Carolee Schneemann, a first generation feminist artist, produced artwork for decades. She was one of the pioneers of feminist art in the 1960s. Schneemann was a mixed-media and multidisciplinary artist, whose paintings, videos, photography, and performances introduced the female body as the principal medium in her work. In doing this, Schneemann challenged the definition of art, especially in regards to sexuality and gender.
Born and raised in Pennsylvania, Schneemann won a scholarship to attend Bard College in New York and graduated even after having been suspended for painting nude self-portraits. Attending Columbia University, she met James Tenney who would be her partner for twelve years. With him Schneemann earned her M.F.A. at the University of Illinois Urbana-Champaign and moved to New York where she helped to form the Judson Dance Theater.
One of her most startling and famous works was “Meat Joy,” a 1964 film of a performance piece where eight scantily clad dancers writhed together – along with raw animal parts, rope, brushes, paper, etc. – in a bacchanalian display of pleasure. This visceral performance, like others which would follow, declared an aesthetic war on her male colleagues.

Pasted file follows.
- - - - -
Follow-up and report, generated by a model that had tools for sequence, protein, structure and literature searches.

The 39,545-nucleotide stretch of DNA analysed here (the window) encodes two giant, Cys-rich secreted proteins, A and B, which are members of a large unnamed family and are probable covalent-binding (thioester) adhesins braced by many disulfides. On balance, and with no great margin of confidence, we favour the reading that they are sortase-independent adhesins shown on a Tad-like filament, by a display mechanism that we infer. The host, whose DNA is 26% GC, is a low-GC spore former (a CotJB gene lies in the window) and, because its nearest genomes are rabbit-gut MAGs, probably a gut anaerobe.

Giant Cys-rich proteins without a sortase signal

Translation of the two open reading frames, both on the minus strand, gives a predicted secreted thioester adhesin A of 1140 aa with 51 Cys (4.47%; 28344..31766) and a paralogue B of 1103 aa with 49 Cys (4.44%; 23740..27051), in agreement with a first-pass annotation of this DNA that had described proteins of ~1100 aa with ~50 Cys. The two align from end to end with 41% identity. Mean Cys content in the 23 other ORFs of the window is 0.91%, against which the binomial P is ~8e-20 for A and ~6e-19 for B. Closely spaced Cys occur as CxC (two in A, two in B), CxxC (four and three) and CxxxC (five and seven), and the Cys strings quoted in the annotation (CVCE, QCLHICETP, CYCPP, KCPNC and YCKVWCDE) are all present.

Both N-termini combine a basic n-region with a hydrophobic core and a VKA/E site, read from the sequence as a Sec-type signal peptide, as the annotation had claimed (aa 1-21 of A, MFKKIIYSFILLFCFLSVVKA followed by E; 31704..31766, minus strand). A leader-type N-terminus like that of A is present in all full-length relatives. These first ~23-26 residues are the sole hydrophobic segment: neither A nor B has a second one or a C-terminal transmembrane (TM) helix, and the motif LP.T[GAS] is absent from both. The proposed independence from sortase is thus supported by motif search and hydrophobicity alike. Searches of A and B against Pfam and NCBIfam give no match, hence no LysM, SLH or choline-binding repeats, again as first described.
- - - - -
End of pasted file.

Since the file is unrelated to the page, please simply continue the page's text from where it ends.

Her 1975 “Interior Scroll” was a performance piece, given at a women’s art festival in East Hampton, where Schneemann unrolled a long, thin scroll from her vagina and read from it. The words she recited were a rebuttal to a male artist who had negatively criticized her work.
Her “Up to and Including Her Limits,” 1973-76, has her strapped naked into a harness hanging from the ceiling. She would stretch out and mark the walls and even the floor with crayon as a counterpoint to the mark-making of male-dominated Abstract Expressionism.
Schneemann stated, “In the 1960s and early ‘70s, every gallery rejected my work.” While she was praised by her peers and younger artists, recognition from institutions came late. She received a retrospective in 2015 from the Museum der Moderne Salzburg which traveled to MoMA PS1 in New York in 2017. Her “Terminal Velocity” traced her transition from making abstract paintings in the 1950s to staging her radical performances in the 1970s.
She was awarded the Golden Lion for Lifetime Achievement from the 2017-18 Venice Biennale.